An email from a friend spurs Mark Griffiths to take a look at the curiously-named bladdernut, a vigorous and easily-grown shrub that needs just the right touch to really make help it come into its own.
‘Any ideas?’ read the message accompanying a picture freshly-arrived in my inbox.
From time to time, friends email me photographs of unidentified plants that have taken their fancy and I do my best to oblige.
In this case, the task was easy. I was looking at a full-grown flowering specimen of Staphylea colchica, a deciduous shrub that will, given sunlight and pretty much any moist and reasonably fertile soil, soon achieve the height and presence of a small tree.
Lustrous light green and elegantly pinnate, its leaves resemble those of a well-mannered ash or walnut. With or soon after them, in spring and early summer, come the flowers in branching sprays of astonishing generosity. They recall orange blossom in shape and colour – typically sparkling white or ivory and sometimes, as in the cultivar Hessei, tinted rosy purple.
I’ve heard their perfume likened to orange blossom, too, but, encountered close-up on a warm day, S. colchica rewards me with vanilla-laced custard spiked with nutmeg. Either way, the flowers smell good enough to eat, which is exactly what happens to them in this species’ native Caucasus. Harvesting its buds, either from the wild or from bushes planted along farmland boundaries, is a rite of spring in parts of Georgia. They’re then washed, packed in salt and eaten year-round, usually with onions and olive oil.
Spared this fate, the flowers give rise to the large inflated pods that are characteristic of Staphylea and which account for this genus’s English name, bladdernut. These deck the branches well into the autumn, turning from pearly pale green to russet and parchment.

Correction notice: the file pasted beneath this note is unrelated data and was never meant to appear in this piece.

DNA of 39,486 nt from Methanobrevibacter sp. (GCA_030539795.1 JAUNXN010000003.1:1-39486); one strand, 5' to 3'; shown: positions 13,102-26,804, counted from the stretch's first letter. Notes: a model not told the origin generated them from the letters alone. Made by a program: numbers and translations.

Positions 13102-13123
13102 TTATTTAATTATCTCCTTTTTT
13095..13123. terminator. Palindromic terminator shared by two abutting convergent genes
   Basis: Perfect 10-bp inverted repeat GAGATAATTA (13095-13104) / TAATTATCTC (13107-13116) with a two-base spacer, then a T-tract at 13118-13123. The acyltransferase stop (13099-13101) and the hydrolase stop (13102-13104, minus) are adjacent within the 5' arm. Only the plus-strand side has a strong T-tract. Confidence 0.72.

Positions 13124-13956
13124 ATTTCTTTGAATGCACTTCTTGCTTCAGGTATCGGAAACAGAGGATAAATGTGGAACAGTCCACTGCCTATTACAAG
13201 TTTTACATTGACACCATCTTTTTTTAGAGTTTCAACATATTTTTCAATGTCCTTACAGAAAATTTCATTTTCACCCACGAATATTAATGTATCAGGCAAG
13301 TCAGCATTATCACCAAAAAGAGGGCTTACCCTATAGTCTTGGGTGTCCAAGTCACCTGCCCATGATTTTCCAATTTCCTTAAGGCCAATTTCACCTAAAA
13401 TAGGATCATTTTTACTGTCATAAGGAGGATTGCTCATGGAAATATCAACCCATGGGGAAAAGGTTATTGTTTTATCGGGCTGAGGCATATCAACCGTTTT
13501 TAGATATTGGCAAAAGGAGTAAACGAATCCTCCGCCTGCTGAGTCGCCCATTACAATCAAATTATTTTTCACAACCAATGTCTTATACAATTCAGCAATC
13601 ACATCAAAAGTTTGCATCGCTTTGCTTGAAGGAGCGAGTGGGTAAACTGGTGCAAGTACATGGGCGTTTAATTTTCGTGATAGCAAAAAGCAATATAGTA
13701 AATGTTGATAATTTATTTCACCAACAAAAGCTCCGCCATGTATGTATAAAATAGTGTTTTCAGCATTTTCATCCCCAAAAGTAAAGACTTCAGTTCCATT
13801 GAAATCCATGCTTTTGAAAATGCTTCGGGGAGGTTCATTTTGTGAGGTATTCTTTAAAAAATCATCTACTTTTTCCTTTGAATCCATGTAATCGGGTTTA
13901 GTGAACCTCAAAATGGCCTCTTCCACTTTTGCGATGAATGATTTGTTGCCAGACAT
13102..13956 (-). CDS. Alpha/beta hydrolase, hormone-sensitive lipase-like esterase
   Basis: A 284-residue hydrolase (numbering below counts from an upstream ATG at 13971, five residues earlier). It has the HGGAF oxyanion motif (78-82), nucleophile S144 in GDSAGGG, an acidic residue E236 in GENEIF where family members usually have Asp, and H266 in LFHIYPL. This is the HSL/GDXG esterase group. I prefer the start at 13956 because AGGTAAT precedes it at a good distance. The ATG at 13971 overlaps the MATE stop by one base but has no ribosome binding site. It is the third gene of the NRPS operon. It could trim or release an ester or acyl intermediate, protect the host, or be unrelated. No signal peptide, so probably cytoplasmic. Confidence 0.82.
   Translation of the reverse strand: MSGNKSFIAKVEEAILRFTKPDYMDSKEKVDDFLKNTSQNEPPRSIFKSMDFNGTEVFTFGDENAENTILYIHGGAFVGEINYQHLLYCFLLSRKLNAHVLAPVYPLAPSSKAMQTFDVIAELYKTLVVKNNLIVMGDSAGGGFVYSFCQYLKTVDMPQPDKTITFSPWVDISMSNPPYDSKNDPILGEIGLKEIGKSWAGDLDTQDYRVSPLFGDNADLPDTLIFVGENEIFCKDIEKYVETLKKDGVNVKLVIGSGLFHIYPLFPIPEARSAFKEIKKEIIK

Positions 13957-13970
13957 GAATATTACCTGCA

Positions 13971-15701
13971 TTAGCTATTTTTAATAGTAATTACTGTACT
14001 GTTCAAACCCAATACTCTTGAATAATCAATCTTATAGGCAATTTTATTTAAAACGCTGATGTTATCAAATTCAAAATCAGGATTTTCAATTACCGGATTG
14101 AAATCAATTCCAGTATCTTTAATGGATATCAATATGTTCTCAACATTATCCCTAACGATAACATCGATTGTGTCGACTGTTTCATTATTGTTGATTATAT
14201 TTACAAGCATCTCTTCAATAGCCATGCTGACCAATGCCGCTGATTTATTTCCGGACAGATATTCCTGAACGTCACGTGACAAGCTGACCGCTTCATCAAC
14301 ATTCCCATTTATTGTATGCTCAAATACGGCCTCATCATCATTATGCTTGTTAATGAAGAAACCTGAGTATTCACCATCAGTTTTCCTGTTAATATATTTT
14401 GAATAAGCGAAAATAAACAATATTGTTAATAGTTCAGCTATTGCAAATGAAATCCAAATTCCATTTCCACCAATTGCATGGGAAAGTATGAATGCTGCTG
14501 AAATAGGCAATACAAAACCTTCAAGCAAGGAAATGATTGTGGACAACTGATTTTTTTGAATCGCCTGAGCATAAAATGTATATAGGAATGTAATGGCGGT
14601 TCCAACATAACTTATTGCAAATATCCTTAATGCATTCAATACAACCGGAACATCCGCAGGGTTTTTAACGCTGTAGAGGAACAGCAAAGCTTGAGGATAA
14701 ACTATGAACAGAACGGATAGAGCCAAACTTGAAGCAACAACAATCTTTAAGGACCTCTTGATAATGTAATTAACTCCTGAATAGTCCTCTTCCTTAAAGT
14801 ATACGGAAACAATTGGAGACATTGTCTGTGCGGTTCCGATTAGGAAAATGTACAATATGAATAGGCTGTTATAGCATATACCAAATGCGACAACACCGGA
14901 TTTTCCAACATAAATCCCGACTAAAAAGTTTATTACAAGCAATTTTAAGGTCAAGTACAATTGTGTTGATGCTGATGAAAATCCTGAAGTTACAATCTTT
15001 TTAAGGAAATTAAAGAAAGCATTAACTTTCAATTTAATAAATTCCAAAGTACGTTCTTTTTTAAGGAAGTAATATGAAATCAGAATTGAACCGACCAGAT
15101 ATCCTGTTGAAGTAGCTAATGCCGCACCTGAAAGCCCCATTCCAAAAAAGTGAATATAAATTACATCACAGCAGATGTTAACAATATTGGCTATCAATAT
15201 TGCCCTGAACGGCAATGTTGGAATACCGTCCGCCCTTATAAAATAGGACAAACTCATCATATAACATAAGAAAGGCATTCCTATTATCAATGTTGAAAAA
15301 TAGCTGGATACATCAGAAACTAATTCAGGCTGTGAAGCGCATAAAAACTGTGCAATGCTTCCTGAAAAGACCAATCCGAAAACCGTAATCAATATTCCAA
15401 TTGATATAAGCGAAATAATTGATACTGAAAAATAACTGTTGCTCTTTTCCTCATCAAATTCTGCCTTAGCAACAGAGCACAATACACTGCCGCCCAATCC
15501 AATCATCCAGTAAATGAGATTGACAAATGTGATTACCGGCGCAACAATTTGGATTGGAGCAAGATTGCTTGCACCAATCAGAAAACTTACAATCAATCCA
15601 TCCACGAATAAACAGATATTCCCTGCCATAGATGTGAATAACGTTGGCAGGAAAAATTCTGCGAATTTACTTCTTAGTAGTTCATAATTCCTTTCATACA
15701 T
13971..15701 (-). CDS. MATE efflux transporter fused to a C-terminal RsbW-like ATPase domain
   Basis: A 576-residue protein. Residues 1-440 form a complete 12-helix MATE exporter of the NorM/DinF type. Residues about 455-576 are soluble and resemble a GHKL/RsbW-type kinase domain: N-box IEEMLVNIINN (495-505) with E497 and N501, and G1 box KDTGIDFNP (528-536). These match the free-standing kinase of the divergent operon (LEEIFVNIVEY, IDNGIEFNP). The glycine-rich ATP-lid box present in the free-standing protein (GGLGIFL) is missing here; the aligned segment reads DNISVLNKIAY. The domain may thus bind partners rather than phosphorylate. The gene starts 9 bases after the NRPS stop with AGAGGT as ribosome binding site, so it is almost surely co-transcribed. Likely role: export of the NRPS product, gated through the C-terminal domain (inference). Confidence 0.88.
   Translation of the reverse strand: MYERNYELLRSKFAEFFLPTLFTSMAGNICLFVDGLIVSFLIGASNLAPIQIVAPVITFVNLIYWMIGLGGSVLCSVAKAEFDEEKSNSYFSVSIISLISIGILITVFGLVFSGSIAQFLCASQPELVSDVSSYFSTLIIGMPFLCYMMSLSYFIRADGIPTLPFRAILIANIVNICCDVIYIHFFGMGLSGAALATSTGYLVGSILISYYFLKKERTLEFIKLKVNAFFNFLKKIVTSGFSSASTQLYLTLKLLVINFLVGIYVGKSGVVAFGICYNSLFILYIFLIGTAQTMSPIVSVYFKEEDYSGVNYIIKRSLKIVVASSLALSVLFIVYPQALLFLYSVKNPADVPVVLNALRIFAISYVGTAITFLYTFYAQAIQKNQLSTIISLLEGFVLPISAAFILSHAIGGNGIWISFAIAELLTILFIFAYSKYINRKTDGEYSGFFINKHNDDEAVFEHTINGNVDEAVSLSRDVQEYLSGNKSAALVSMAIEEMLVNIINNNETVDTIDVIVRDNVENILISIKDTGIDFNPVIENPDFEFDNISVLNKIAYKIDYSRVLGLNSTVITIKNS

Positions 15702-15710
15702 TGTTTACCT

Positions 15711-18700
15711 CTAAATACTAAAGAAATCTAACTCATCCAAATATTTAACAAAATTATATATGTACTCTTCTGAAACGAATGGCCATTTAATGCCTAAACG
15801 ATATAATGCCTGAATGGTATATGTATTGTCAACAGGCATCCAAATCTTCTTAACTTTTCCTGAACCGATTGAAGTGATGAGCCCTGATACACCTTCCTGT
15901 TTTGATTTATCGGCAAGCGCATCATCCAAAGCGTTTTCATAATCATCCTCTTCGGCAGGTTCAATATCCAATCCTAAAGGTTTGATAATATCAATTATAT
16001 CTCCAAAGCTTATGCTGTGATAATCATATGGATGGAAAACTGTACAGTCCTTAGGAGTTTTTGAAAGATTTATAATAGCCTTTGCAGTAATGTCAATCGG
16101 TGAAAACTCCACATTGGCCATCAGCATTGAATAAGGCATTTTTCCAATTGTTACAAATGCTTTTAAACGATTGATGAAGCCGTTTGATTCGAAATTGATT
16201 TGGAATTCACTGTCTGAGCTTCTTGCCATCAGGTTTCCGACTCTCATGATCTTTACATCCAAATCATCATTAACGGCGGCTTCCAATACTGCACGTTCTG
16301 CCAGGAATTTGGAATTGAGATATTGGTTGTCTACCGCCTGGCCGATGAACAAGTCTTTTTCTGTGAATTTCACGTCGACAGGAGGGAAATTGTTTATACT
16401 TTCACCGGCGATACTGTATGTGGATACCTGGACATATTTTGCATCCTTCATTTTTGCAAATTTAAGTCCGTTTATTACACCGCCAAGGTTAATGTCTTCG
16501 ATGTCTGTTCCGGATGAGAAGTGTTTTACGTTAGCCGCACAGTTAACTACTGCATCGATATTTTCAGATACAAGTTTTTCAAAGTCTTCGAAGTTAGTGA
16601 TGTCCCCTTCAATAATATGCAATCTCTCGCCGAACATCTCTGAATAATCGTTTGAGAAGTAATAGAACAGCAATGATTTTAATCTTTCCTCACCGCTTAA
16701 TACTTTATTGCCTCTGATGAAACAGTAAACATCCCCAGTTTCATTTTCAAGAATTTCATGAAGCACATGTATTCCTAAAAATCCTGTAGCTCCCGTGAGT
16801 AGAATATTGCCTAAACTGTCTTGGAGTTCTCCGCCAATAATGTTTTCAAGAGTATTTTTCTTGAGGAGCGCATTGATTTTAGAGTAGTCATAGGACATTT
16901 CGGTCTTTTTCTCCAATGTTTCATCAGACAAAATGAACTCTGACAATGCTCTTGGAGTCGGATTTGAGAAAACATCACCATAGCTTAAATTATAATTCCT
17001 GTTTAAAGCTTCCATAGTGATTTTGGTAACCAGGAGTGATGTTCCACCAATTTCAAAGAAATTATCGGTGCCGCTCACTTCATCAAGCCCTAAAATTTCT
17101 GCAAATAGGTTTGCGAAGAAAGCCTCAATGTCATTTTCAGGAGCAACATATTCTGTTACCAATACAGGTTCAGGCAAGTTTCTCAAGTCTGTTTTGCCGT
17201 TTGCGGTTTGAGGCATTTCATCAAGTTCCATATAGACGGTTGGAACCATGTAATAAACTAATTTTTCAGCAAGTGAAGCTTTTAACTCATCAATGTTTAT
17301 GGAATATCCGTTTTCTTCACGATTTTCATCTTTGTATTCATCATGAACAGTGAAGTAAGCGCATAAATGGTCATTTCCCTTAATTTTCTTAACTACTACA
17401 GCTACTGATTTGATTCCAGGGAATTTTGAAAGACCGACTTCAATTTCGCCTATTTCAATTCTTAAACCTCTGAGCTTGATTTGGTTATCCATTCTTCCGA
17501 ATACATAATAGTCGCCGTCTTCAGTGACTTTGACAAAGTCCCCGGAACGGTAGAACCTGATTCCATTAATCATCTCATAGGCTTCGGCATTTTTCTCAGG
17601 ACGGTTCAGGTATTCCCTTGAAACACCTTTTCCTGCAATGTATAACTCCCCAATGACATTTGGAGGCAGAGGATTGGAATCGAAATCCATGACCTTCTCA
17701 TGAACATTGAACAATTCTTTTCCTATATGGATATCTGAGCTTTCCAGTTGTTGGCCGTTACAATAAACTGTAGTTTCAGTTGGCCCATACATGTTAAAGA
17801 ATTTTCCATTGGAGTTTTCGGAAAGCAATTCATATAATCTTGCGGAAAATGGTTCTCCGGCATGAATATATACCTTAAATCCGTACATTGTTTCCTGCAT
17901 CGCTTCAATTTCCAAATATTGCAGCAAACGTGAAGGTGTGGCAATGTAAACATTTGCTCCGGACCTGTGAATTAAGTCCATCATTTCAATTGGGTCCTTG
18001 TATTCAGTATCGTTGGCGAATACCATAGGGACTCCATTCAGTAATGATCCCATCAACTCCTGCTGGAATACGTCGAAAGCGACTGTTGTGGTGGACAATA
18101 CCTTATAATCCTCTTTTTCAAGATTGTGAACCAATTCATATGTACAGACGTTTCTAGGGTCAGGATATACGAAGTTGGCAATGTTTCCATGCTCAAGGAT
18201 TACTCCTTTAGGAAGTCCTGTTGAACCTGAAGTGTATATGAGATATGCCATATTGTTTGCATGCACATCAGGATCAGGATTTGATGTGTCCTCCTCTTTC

‘What’s not to like?’, you might reasonably ask. In recent years, however, S. colchica (which, I remember, was considered so very choice and smart in my youth) has fallen from favour in British gardens.
Its fault lies in its vigour. Suckering by nature, within a decade of planting, it can make a stockade of stems that’s 12ft tall and as much across. Out of flower, it’s just too much boisterous greenery and too little display to suit the prevailing fashion for tightly coordinated schemes and unceasing performance.
These days, if people are going to grow a bladdernut at all, they tend to go for S. holocarpa. This Chinese species is less suckering and more of a tree, albeit a slender and small one, rarely exceeding 20ft tall. Trefoil rather than pinnate, its leaves may colour beautifully in Indian summers, turning to amber and flame, and they’re reliably flushed with bronze and chocolate when they first emerge.
This latter feature makes for wonderful contrasts with the flowers, which, in the cultivars Innocence and Rosea, are respectively blush in bud and white on opening and persistently cherry-blossom pink. In fruit, it can also be strikingly decorative, its bladders often ending up dusky crimson.
Given all of which, it is little wonder that Staphylea holocarpa has supplanted its Caucasian cousin in horticultural affections or that, on receiving my friend’s email, I felt I was looking at a photograph that might have been taken in a more liberal and less self-conscious garden 30 years ago.
However, each of these bladdernuts has its place and both, happily, are available from some of our finer tree and shrub specialists, most notably Bluebell Nursery in Leicestershire (www.bluebellnursery.com).
Even when young, S. holocarpa Rosea is an exquisite centrepiece or backdrop for a small spring garden full of bulbs, unfurling fern fronds and precocious herbaceous perennials. On a larger scale, it and its fellow cultivar Innocence are sublimely delicate companions for magnolias, camellias and ornamental cherries in arboreta and woodland plantings.
As for Staphylea colchica, try it in an informal and marginal area where it can surprise and delight in season and, at other times, do its thing without boring or imposing.
That said, rather than leaving it to its own devices, you may wish to train it a little. Once established, its many stems collectively form a loosely pyramidal crown with gracefully arching boughs. This looks all the better and all the more legible in the landscape, if one prunes out any small branches that appear lower down and excises at ground level all but a few of the strongest new shoots.
Although it may have lost its former home in the garden – the old-fashioned shrubbery – a new and better one awaits S. colchica in orchards and meadows. Picture it amid the lush grass, perhaps in company with those other great spring-flowering shrubs that so richly deserve to be revived and redeployed, the lilacs.
Mark Griffiths it the editor of the New Royal Horticultural Society Dictionary of Gardening.
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